Re: XML in the alleged Real World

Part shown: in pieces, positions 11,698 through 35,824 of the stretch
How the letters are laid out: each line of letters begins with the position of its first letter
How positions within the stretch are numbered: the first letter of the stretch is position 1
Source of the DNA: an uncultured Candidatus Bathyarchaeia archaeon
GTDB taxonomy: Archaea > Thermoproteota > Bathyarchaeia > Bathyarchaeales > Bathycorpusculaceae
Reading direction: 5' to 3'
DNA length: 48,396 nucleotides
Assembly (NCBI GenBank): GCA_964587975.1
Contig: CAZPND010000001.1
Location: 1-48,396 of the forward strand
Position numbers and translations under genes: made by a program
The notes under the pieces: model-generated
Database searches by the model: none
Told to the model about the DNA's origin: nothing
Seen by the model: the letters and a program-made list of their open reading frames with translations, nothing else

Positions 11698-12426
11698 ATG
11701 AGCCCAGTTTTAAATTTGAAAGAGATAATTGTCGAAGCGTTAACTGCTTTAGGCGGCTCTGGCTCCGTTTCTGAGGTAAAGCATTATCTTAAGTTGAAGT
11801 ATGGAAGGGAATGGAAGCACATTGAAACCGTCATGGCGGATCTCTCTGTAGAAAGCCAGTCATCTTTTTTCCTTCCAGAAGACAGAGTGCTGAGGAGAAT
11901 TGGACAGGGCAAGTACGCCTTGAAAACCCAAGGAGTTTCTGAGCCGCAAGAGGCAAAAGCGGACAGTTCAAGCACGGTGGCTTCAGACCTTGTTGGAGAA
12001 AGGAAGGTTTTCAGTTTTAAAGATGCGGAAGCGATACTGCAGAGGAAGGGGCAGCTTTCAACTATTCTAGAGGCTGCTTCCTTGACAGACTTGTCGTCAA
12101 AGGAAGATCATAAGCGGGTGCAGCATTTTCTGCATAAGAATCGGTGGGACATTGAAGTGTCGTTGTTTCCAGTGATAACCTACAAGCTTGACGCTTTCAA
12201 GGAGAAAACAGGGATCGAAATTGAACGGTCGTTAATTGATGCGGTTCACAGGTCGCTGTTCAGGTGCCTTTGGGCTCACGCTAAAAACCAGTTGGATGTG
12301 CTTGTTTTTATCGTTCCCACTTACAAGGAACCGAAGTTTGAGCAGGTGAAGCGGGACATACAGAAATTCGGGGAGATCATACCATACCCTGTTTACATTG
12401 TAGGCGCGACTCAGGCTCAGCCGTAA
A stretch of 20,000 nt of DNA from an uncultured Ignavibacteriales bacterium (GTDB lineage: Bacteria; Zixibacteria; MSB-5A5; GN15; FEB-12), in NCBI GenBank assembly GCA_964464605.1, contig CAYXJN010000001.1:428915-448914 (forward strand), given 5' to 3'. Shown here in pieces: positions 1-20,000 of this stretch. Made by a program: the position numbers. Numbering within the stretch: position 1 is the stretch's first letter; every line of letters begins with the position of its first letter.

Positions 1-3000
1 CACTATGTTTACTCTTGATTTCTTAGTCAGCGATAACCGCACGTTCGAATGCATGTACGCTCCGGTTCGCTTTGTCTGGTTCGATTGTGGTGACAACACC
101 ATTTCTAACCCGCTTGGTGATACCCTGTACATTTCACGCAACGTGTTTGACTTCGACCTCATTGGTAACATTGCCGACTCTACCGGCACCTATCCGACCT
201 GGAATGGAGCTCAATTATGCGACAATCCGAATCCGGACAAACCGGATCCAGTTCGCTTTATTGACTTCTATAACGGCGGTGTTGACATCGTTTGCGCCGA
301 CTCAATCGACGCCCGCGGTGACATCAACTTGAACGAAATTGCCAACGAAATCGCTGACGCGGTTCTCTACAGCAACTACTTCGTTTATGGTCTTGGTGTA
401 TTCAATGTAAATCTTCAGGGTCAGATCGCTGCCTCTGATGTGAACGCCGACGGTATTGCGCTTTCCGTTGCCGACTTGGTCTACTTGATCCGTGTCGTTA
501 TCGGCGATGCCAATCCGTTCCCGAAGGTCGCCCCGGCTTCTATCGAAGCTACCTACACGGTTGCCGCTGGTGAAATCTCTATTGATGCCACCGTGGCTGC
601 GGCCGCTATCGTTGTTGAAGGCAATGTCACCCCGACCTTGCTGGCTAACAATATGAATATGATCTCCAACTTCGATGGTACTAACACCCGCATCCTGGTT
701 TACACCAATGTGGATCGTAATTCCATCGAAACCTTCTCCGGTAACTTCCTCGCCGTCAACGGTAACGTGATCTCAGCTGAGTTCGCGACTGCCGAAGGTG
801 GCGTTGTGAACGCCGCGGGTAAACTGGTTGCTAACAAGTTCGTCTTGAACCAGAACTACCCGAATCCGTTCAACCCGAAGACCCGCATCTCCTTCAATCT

At 03:53 PM 3/25/2002 +0100, you wrote: > > I write to how I want to learn -- which includes most of the "whys" then > > following up with the "hows". So far it's been a successful format for me, > > but not all authors and publishers agree with the approach. > >I tried writing my book like that (Teach Yourself XML in 21 Days, 1st >edition) and got nothing but flames for thanks. I felt that it was >senseless to dive straight into examples without getting some >background first -- or else the examples would be so trivial as to be >pointless. The publisher insisted; they were. Most of the time the >authors have very little to say ... > >Simon North. -- >If a man speaks in a forest and no woman hears him, is he still >wrong? I wonder if there isn't some kind of 'middle ground', perhaps along the lines of the Suzuki music method combined with constructivist, project-based learning. There, the learners experience the software cycle (code, compile, test -- or words to that effect) with the simplest of all possible HelloWorld (yup, trivial) projects. Then, mix in a bit of background, followed by a deeper project, etc... Jack Park
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